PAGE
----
GREENFIELD — Yellow minions dotted one backpack; a menacing-looking Spider-Man graced another.

As Brianna Brachbuhl sorted through the bags, snipping off tags and sorting them into colorful piles, she thought of all the youngsters who will see these characters and smile.

The backpacks, neatly organized in the J.B. Stephens Elementary School gym Thursday by volunteers, will soon be distributed to county school children through the United Way of Central Indiana’s Backpack Attack program.

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The school supplies drive for students in kindergarten through eighth grade allows children who might not be able to afford school supplies to start the school year prepared for class.

At upcoming school registrations, 17 schools across Hancock County will provide school supplies for students who qualify to receive assistance, said United Way of Central Indiana board member Greg Mankey.

About 29 percent of Hancock County students from kindergarten through eighth grade qualify for free or reduced-price lunch, one of the main ways the organization identifies students who could benefit from the Backpack Attack, said Jeannie Roberts, volunteer engagement coordinator for United Way of Central Indiana.

Parents have told Roberts the balanced school calendar adopted by area school districts — which shortens summer break by several weeks — gives them less time to save for school supplies, so they are thankful for the program.

Students will begin the school year with everything they need, ready to learn, said Weston Elementary School social worker Terry Miller. In addition, supplies are available throughout the year to new students or students who need a replacement item.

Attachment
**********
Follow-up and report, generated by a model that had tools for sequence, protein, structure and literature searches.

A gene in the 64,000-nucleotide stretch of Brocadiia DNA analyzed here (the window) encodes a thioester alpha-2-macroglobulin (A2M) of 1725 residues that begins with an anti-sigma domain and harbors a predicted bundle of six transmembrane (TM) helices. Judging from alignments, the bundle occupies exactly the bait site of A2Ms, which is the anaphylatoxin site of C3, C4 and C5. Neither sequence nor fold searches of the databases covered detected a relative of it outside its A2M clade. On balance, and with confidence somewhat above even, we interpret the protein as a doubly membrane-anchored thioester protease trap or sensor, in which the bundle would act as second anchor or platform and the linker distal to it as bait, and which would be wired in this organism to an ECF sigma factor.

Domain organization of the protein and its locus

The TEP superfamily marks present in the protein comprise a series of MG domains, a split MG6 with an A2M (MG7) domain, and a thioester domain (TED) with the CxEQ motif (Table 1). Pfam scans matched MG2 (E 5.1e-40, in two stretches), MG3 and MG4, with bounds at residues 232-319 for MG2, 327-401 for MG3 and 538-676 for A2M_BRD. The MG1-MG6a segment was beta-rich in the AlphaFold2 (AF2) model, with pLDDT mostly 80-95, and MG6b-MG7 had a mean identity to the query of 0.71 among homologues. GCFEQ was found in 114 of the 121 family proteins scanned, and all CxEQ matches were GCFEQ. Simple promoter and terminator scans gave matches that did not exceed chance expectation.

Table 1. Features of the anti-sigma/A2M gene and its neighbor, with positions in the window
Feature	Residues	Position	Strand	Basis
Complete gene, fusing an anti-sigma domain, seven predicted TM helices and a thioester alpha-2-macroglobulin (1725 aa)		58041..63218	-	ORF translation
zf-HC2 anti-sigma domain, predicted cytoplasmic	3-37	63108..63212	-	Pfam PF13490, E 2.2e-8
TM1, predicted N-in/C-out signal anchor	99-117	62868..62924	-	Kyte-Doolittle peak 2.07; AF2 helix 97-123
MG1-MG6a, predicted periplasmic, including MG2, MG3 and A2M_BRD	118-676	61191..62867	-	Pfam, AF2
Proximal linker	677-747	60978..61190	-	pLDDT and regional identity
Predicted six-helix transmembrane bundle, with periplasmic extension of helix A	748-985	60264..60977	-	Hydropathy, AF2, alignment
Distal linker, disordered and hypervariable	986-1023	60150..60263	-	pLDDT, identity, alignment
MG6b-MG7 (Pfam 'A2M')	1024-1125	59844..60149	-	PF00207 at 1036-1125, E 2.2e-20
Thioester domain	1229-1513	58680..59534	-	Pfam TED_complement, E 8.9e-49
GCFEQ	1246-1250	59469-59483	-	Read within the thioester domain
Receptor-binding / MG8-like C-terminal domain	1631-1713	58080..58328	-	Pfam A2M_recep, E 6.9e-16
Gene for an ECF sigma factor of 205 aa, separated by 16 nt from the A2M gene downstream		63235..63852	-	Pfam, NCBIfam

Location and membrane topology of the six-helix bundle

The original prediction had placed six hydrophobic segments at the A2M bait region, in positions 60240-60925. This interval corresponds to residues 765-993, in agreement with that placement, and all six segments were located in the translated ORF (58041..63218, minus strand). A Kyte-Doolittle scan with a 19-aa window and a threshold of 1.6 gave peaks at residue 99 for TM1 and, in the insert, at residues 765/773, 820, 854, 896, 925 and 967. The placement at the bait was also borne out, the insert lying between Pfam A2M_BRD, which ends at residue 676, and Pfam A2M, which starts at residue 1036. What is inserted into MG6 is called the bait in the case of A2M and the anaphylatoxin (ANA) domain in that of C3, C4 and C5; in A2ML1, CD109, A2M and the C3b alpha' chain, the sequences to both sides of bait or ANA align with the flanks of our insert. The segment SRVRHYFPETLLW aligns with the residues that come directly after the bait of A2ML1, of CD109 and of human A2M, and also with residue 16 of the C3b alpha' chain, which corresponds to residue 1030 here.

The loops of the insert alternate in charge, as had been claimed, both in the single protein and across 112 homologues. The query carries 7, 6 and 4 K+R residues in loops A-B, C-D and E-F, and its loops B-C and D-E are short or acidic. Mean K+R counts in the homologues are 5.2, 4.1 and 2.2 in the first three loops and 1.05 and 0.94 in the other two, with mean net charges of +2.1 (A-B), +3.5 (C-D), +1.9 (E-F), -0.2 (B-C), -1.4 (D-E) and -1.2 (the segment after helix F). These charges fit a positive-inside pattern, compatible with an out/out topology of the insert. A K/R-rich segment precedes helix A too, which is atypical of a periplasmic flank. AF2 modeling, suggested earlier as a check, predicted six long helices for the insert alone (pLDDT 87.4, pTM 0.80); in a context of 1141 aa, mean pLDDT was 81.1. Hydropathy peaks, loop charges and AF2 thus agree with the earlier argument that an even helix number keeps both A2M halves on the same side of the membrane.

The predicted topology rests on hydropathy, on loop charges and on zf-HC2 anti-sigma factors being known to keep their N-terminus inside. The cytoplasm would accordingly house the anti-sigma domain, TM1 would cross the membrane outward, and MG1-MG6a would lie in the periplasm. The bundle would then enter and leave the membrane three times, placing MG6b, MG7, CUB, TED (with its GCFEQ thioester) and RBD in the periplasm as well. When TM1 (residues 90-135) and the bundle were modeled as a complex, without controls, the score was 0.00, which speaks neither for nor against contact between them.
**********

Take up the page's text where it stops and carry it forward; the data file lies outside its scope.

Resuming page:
Miller and other school social workers set up a supply area, similar to how items are set up in the store, and students are invited to “shop” for whatever they need.

“Hancock County does such a good job taking care of their own,” she said.

Brianna attended the sorting day for the first time on Thursday, bringing along her sister, Bethany Brachbul, and a friend, Katie Strange, who helped her prepare the donated backpacks to be transported to area schools.

Seeing the piles of crayons, folders, notebooks and glue sticks donated by the community was wonderful, Brianna Brachbul said.

Kinzie Sitton and Grant Hinton, both 15, spent Thursday morning sorting pencil cases. Grant, a first-time volunteer, said Backpack Attack is a great idea for the county.

“This is a small town; it’s not the wealthiest, and (Backpack Attack) really helps out a lot of kids,” he said.

Sorting the items is important because different teachers have specific requests on their class lists, from folder color to the type of paper needed, Roberts said.

United Way of Central Indiana board member Greg Mankey, who volunteered alongside his wife, Linda, said he was shocked to discover how many county students need extra help.

“We see all these people at church who pack up and go on mission trips,” he said, “But the need is right here next door.”

Pull Quote

“We see all these people at church who pack up and go on mission trips, but the need is right here next door.”

– Greg Mankey, United Way of Central Indiana board member

By the numbers

17 county schools receive Backpack Attack school supplies

29 percent of local students qualify to receive school supplies from Backpack Attack

80 volunteers sorted, counted and packed school supplies Thursday to be delivered to county schools

$2,000 was donated to United Way of Central Indiana to purchase school supplies for children in need

If you go

United Way of Central Indiana will continue to accept donations of money or school supplies for Backpack Attack until the beginning of the school year. Donations may be brought to the Greenfield Chamber of Commerce building, where United Way of Central Indiana is housed:

1 Courthouse Plaza,

Greenfield, IN 46140

Donations may also be sent to:

United Way of Central Indiana

P.O. Box 714

Greenfield, IN 46140

Author photo
Rorye Hatcher is a reporter at the Greenfield Daily Reporter. She can be reached at ​317-477-3211 or rhatcher@greenfieldreporter.com.